Golden Age of TV is not so golden for writers: Why the Writers Guild of America is moving closer to a strike

From the Los Angeles Times:

A decade ago, Hollywood writers brought the entertainment industry to a standstill when they walked off the job for three months in a dispute over pay for movies and TV shows distributed online. The strike halted dozens of TV and movie productions and sent shock waves through the Los Angeles economy.

Now, the Hollywood community is feeling a sense of déjà vu as the possibility of another strike looms large. After the collapse of talks with the major studios, the Writers Guild of America is seeking a strike authorization vote from members. While the union has until May 1 to reach an agreement, tensions are as high as they’ve been in years, say people close to the negotiations not authorized to comment.

The charged atmosphere is the result of a perfect storm of economic and digital changes bearing down on the business. Since the last writers strike, the industry has seen far-reaching shifts. Streaming services like Netflix and Amazon have transformed Hollywood and contributed to an unprecedented number of quality series being produced — a phenomenon often described as the new Golden Age of TV.

But times haven’t been golden for many writers for whom more is now less. Shorter seasons are the new norm, with many series consisting of 10 or fewer episodes on cable and streaming — less than half the length of traditional seasons on network shows. That has put writers in a financial crunch since many have exclusivity clauses that prevent them from working on multiple shows per season.

. . . .

“It’s getting more and more difficult to make a living as a writer,” said John Bowman, a TV writer-producer, and former head of the WGA negotiating committee.

Studios are equally dug in as more customers cut the cable cord in favor of streaming options. They’re also grappling with a dramatic fall-off in once-lucrative DVD sales and a flattening of attendance at the multiplex. They are releasing fewer titles a year, meaning fewer opportunities for screenwriters.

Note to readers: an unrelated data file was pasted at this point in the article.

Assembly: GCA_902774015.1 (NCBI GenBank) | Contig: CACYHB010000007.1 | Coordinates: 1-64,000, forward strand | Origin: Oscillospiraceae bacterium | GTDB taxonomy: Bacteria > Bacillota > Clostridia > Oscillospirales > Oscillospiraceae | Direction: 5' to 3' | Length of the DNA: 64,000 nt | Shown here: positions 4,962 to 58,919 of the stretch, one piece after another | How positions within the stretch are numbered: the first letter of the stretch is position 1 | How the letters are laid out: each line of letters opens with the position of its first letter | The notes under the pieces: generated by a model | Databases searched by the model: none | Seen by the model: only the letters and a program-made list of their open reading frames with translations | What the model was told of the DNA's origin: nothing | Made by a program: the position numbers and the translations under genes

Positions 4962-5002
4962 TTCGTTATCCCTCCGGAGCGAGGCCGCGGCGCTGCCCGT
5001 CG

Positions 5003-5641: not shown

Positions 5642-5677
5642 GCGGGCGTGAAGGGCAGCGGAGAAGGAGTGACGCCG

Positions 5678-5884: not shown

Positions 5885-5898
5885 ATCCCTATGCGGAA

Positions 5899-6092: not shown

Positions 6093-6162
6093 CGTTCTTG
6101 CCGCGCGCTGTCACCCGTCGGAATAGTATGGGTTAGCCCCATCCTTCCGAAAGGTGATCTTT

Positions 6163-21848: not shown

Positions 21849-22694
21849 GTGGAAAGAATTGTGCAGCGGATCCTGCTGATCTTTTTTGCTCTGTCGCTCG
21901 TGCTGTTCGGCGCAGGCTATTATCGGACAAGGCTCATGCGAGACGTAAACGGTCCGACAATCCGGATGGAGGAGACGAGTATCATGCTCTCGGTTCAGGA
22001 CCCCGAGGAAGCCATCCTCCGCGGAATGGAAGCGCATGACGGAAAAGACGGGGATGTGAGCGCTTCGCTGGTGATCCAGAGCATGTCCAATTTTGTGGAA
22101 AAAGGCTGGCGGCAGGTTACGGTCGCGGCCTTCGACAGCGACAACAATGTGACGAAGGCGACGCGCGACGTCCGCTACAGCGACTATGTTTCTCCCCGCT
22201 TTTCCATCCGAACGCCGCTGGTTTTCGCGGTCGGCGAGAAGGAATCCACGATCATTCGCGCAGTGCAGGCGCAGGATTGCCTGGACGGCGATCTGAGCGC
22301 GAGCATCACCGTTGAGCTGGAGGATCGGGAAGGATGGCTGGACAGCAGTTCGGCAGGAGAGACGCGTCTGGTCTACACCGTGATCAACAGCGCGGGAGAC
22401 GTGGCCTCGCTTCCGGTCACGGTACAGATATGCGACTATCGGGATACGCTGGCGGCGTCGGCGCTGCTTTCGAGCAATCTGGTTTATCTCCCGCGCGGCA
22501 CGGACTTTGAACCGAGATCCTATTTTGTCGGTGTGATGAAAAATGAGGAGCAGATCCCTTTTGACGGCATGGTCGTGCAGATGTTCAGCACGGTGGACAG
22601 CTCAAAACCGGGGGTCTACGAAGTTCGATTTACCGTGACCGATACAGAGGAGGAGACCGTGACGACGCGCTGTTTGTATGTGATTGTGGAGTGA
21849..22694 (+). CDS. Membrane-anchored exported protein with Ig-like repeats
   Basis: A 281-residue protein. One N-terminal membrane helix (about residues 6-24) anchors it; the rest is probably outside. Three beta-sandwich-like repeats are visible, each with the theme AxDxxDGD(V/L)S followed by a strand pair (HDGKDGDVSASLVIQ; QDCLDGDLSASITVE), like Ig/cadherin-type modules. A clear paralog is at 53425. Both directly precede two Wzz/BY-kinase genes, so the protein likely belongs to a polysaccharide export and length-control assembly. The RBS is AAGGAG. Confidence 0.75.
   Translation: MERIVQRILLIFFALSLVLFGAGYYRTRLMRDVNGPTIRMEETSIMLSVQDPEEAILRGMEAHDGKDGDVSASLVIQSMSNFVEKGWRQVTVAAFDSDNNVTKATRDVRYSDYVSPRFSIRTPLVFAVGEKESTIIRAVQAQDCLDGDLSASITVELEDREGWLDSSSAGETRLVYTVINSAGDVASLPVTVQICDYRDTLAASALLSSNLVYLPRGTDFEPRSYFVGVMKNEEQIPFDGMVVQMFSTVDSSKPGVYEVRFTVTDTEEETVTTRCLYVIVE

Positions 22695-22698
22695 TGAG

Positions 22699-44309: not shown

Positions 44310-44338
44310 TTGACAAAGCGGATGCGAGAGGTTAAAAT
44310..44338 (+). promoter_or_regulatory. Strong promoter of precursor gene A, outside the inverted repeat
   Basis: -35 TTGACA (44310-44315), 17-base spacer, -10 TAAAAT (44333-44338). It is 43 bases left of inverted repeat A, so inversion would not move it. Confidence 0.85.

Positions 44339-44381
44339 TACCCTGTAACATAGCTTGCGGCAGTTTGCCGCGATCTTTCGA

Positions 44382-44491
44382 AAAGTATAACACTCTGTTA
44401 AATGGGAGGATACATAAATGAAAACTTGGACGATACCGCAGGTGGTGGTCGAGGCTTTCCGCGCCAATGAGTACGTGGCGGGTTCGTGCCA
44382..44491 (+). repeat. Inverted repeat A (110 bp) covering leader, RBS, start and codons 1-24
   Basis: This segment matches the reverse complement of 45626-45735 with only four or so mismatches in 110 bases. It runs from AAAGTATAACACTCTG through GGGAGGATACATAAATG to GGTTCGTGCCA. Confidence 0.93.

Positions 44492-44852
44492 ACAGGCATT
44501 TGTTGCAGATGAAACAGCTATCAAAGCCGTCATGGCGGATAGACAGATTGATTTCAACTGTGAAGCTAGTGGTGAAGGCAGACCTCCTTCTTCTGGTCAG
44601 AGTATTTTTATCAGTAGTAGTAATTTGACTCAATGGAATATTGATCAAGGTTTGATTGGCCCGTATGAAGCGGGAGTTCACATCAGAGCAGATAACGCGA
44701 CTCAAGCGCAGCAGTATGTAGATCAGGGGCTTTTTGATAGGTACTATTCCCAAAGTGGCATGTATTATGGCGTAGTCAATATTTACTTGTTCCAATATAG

All of this has set the stage for conflict. A strike authorization vote is set to take place mid-April. The move is a typical negotiating tactic by unions, but the WGA said it’s a response to the hard-line position taken by the studios, which have so far refused most of their demands.

“No one on the board or committee wants a strike,” Chris Keyser, co-chairman of the guild’s negotiating committee, said in an interview. “Unfortunately, the only way to be treated reasonably is to bring to bear the power of labor.”

Link to the rest at Los Angeles Times and thanks to Erica for the tip.

26 thoughts on “Golden Age of TV is not so golden for writers: Why the Writers Guild of America is moving closer to a strike”

  1. I’ve pretty much mostly been watching Japanese and Korean dramas at various sites and Scandinavian/Belgian foreign crime shows on Netflix this past year. I think maybe I’m not gonna be much affected by this.

    I can’t remember when I last bought a DVD. :::thinking, thinking::::

    I last went to the movie theater in 2008.

    And I figure an industry that can pay ridiculous figures to actors and directors and producers should be able to find some more cash for writers. I hope they win.

  2. “No one on the board or committee wants a strike,” Chris Keyser, co-chairman of the guild’s negotiating committee, said in an interview. “Unfortunately, the only way to be treated reasonably is to bring to bear the power of labor.”

    Considering some of the talent seen in the indies and on youtube, they may not have as much ‘power of labor’ as they like to think …

  3. A lot of shows are filmed/produced in Canada.
    Would those be affected?